We often use barriers for the dogs’ protection but at times these barriers can have side effects; one side effect is barrier frustration.
The challenge to owners is missing the right cues and trying to fix the wrong component. Barrier frustration can be stressful for dogs and owners alike. In this article we’ll take a look at one common barrier and its side effects.
Leashes are used to keep our dogs safe and near us as well as to respect the space of others and their dogs, etc. Many places have leash laws requiring dogs to be on leash in order to be in public. While I don’t have anything against leashes, they are certainly not natural for dogs. When leashes are involved the dog does not have control of space (that is, assuming the human does). This may not seem bad at first but let’s take a closer look.
If another dog is approaching you while you are out with your dog and your dog is not sure about the intent of the approaching dog, a leash stops your dog from having the ability to back away. On the other hand, if your dog wants to approach another dog and the leash does not allow your dog to approach, a leash stops the opportunity to move forward. Both scenarios are setting the dog up for frustration. Frustration in itself is not necessarily a bad thing but with frustration often comes stress and stress has a cumulative effect.
Dogs who are frustrated or stressed often are pushed to their threshold of fight, flight, or freeze response. Many dogs will chose flight before fight while some will chose an alternative freeze response. The problem is that the leash doesn’t allow for flight so the dog is faced with the choice fight or freeze. If the other dog does not appear to be responding to the freeze response the dog may be forced to fight.
This is where frustration changes to aggression.
As I mentioned earlier, many people try to ‘fix’ the wrong component.
Many people focus on the aggression. Let’s say the frustrated dog chooses to aggress in the form of showing its teeth or growling but does not lunge or bite. If we focus on getting rid of the snarl we may end up with a terrible thing: a dog that bites without warning. I personally would rather have a dog that warns and doesn’t act, than a dog that acts without warning. Let’s take a deeper look at what to address if the aggression isn’t the right component.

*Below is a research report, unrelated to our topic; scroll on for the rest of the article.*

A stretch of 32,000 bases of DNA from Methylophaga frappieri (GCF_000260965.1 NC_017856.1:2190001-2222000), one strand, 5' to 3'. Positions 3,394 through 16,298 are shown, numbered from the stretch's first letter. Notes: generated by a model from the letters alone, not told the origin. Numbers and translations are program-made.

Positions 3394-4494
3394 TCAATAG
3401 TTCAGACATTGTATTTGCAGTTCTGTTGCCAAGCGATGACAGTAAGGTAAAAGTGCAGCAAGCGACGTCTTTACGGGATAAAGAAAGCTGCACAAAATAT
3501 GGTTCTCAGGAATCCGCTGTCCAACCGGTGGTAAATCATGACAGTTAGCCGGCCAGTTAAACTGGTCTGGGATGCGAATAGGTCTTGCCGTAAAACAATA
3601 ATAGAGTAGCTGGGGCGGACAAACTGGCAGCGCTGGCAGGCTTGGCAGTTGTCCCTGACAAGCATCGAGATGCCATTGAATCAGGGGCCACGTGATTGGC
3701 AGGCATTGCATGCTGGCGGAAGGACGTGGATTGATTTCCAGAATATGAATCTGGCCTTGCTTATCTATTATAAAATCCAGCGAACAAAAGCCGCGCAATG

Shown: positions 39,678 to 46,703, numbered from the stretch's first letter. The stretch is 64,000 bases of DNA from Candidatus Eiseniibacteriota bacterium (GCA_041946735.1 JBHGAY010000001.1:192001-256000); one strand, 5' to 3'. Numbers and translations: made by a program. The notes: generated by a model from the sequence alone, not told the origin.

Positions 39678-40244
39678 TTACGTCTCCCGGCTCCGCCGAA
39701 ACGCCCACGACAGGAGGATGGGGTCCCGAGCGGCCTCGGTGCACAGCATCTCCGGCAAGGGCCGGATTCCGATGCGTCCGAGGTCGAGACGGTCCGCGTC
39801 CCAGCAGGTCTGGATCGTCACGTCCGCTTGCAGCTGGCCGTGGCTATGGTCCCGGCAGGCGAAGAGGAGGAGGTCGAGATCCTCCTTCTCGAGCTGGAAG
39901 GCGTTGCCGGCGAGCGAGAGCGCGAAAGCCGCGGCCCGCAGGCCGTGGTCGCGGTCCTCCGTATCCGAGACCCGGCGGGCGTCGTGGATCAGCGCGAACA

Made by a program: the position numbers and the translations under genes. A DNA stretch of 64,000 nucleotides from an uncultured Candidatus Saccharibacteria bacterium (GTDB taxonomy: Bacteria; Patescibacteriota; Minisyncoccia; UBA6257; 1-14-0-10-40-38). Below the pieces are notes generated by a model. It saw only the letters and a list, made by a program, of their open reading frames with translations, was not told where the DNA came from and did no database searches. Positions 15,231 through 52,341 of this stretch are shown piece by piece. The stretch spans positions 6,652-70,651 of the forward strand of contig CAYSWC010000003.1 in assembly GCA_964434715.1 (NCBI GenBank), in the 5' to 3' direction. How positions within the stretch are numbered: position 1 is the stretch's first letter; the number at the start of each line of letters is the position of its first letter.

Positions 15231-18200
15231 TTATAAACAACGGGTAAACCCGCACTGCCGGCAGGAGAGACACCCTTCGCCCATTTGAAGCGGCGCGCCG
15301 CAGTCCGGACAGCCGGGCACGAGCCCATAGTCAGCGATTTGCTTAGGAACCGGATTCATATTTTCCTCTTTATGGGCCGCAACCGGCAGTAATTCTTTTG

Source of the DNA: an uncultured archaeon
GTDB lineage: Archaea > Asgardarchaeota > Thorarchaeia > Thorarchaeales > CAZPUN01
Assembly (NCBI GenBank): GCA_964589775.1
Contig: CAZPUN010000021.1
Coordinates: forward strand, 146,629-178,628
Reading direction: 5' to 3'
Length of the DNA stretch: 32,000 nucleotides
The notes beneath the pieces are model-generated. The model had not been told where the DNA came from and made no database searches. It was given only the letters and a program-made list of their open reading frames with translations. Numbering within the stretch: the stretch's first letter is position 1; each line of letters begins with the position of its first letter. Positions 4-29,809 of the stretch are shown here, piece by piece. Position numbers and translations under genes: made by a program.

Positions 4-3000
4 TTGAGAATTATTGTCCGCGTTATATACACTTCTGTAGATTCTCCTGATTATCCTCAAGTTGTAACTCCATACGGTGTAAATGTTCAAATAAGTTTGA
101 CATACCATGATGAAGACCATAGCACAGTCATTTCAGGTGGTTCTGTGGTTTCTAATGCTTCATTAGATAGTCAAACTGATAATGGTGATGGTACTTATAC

Let’s say this dog is acting out of fear. It makes sense to treat the fear rather than the aggression, here’s why… if the dog is not fearful, it won’t be stressed about the fear or frustrated about the fear. Without the fear, the dog does not feel the need to snarl in the first place. That is what I call treating the cause, not the symptom.
How do we treat the fear? Contact us because each case is different.
Krystal Ellingson CDBC CPDT-KSA
Krystal Ellingson CDBC CPDT-KSA, is the founder of Speak Dog, the first dedicated ‘positive’ dog training company in the Tri-City area where she lives. She is a Certified Dog Behavior Consultant with the International Association of Animal Behavior Consultants and a Certified Professional Dog Trainer with both Knowledge and Skill accreditations with the Certification Council for Professional Dog Trainers along with a list of other credentials, certificates, and affiliations.
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